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Short needles vs long needles vs both?

Discussion in 'Adults with Type 1' started by SPICYSMOM, Jan 24, 2011.

  1. SPICYSMOM

    SPICYSMOM Approved members

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    I was given the short pen needles. Sounded good right?

    But I was just reading in the THINK LIKE A PANCREAS on page 57:

    If you are very lean, choose a short pen needle (5-8mm). If you have adequate body fat, choose a longer needle (10-12mm)...........If you are overweight, "short" (5-8mm) needles may not inject the insulin deep enough to achieve proper absorption. ......If you have plenty of body fat, use standard-lengh needles. If you have difficulty pinching up an inch or more of body fat, use short needles.

    Needless to say, my legs are alot leaner than my abdomen. So I went out and picked up a box of BG originals - 12.7mm! Pink paper on the tips will let me know those are for the abdomen. This might explain why I have variable control.

    Has anyone else had this situation?
     
  2. sarahspins

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    Interestingly, needle manufacturers state that ALL people can use short needles.. the thickness of your actual "skin" is the same, it's just the sub-q layers that differ.

    I am not skinny, and I use the 5mm needles when I'm on MDI with no problems... I am currently using 6mm needles on my pump sets... I don't personally notice a difference between these and the longer ones, except the longer ones tend to hit muscle more often (which hurts - I put sets on my outer thighs a lot, which probably have less fat than the rest of me).
     
    Last edited: Jan 24, 2011
  3. TheFormerLantusFiend

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    Think Like a Pancreas is plain old wrong. Here's a study that tried to debunk that theory by actually measuring the skin thickness of a whole bunch of people, including many who were obese. It found that none of them had skin thick enough that a short needle would go into skin if the person did not pinch.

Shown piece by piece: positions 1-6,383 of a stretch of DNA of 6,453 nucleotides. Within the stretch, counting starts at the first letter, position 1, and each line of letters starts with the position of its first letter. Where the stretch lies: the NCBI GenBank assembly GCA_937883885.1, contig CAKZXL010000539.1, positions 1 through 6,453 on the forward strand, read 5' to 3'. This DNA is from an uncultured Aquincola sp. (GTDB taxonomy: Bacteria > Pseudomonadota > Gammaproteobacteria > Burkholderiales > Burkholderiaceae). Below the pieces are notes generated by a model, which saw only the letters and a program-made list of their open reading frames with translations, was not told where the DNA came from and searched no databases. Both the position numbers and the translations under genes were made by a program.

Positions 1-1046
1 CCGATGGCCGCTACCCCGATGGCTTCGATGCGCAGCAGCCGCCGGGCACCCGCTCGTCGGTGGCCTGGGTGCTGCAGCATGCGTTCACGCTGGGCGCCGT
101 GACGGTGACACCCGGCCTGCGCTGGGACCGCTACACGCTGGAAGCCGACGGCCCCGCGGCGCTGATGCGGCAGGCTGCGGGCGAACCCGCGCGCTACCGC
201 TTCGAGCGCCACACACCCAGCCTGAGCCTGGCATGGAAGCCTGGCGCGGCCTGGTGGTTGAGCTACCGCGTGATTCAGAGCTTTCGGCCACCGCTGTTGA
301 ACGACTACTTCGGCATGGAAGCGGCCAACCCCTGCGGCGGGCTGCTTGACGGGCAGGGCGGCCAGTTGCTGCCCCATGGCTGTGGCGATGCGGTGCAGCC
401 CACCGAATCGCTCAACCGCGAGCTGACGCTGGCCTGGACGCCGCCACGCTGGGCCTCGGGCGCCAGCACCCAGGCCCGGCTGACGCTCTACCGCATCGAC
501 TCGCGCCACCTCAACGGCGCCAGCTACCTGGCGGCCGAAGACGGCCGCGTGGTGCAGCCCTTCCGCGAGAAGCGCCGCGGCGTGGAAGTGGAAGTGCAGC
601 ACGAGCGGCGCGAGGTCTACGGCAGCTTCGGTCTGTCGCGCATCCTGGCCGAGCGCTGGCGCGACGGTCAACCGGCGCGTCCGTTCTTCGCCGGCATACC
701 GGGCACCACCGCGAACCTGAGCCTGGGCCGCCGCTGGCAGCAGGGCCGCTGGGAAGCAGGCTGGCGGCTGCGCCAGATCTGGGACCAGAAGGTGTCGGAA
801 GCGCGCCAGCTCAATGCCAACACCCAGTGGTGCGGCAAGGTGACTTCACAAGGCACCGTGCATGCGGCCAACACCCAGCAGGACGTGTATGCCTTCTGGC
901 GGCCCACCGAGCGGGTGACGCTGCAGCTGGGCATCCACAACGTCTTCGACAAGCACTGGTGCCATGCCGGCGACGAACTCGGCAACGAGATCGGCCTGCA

Skin and subcutaneous adipose layer thickness in adults with diabetes at sites used for insulin injections: implications for needle length recommendations
    by Michael A Gibney, Christina Arce, Karen Byron, and Laurence Hirsch of the BD company.
    http://informahealthcare.com/doi/abs/10.1185/03007995.2010.481203
     
  4. Jordansmom

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    We had a popular Pediatric Endo speak at family camp. At one point he went off on a tangent about the new "nano" needles and short needles. He said he sees huge variability in doses needed for short needles versus regular and that he won't prescribe nano needles at all even for his smallest, or thinnest patients.

    I have no experience myself.
     
  5. TheFormerLantusFiend

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    As a P.S.
    I am an extremely skinny person- smaller than the smallest person in the study I cited above. That study pointed out that doing injections at a 90 degree angle with even a 4mm needle would mean going into muscle for the smallest people they studied. That bugged me, especially because when I inject with 5mm and especially 8mm needles I often feel a second layer of resistance as I put the needle in.
    I got a sample baggie of 4mm needles from my endo and I loved the feel of them and I did not have any problems with them. I could feel the difference- it felt like that last ouch part at the end of my shots was missing. I kept thinking I must have messed up because there was something missing. But my blood sugar following those doses was same as always. None of the shots went into skin (something I have accidentally done a few times when injecting my butt- I think it's harder to figure out the angle there).
    I am using up my boxes of 5mm needles but after that I'm going with the 4mms.
     
  6. SPICYSMOM

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    Great study on needle lengths

    Interesting conclusion.

    I have bought the 12.7mm needle tips for use in the abdomen, and will keep using them until they are gone. I have the 8mm for my legs.

    I am going to bring your study to my CDE and see what her experience is with patients.

    Thanks for the input.
     
  7. Ronin1966

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    Hello SPICYSMOM: